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From the Wall Street Journal:

Google Shares Slide After Disappointing Results
Smaller-Than-Seen Earnings Increase Comes as Company Deals With Less Money Per Ad Click

Google Inc. GOOGL -4.98% posted a 3.2% increase in first-quarter net income amid a continuing decline in how much advertisers pay per click, as users shift to smartphones and tablets.
The Internet-search giant said revenue rose 19% to $15.42 billion. Analysts had projected revenue of $15.54 billion on that basis, according to Thomson Reuters.

Investors were disappointed by Google’s financial figures, sending its shares down 5% in after-hours trading. The stock finished 4 p.m. trading at $563.90, barely higher than the price at the beginning of 2014.

Google reported net income of $3.45 billion, or $5.04 per share, up from earnings in the year-earlier period of $3.35 billion, or $4.97 per share. The per-share figures are adjusted for the two-for-one stock split.

Excluding stock-based compensation and other items, Google said earnings were $6.27 per share, below the average analyst estimate of $6.41 a share, according to Thomson Reuters.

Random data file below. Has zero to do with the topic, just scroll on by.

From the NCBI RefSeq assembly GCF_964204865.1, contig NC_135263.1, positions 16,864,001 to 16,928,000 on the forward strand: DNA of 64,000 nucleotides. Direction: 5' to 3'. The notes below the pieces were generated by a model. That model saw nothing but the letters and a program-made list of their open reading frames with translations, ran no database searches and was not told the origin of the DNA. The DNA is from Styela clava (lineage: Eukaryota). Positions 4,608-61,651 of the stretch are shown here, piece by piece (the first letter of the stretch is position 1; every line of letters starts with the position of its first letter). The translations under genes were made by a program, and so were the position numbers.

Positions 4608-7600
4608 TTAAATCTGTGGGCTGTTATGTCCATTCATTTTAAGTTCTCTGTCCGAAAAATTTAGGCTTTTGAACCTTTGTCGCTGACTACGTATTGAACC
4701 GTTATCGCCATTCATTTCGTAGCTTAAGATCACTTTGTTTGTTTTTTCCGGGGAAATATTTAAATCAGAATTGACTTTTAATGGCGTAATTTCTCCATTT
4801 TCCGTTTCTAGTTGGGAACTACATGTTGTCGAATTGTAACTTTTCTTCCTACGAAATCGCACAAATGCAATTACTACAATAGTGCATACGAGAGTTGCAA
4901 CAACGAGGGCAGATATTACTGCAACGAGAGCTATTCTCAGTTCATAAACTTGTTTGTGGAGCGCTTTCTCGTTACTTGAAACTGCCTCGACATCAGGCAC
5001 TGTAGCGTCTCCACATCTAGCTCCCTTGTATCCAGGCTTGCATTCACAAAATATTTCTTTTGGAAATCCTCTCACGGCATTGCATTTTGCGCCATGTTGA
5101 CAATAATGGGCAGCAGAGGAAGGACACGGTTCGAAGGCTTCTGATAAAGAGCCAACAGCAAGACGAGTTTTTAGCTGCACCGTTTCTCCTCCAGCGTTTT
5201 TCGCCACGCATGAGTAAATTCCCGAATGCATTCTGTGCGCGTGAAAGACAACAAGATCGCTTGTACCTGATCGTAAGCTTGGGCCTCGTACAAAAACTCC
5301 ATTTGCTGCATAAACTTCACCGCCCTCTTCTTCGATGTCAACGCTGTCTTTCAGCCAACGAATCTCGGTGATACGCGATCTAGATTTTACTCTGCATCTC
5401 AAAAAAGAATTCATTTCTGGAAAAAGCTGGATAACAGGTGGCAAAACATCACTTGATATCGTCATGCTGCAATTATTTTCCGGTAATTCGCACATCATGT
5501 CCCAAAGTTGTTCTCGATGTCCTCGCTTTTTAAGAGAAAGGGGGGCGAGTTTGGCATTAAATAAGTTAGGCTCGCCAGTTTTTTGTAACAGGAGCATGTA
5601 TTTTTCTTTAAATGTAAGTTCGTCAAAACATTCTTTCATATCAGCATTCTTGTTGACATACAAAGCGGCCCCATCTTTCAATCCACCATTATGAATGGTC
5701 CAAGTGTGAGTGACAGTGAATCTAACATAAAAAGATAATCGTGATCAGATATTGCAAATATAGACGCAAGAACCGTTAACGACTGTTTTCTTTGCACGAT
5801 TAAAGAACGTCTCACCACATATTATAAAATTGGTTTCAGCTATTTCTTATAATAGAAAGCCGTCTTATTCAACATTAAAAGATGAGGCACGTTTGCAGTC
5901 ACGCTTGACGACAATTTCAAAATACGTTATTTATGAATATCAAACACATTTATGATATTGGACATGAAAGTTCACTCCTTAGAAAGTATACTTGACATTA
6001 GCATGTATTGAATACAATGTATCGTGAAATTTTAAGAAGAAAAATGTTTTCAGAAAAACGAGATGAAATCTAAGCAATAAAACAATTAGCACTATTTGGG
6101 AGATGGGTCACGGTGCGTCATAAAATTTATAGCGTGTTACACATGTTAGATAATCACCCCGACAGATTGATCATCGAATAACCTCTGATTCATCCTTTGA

Advertising revenue was driven by more clicks on advertiser links next to Google’s search results, which increased 26% from the prior year. At the same time, the amount Google gets paid per click fell 9% compared with the prior year, continuing a trend as a higher percentage of searches occur on smartphones, where Google’s clicks are less valuable.

The smaller screens and limited bandwidth of smartphones make them a less-appealing tool than desktop computers for consumers looking to buy products or services online. Marketers that work with digital ad firm Rimm Kaufman Group paid about 60% less for smartphone clicks than desktop clicks in the first quarter in order to generate an equivalent payback.

Update: WSJ article extended here http://on.wsj.com/1qPjiog and in the print edition (4-17-2014)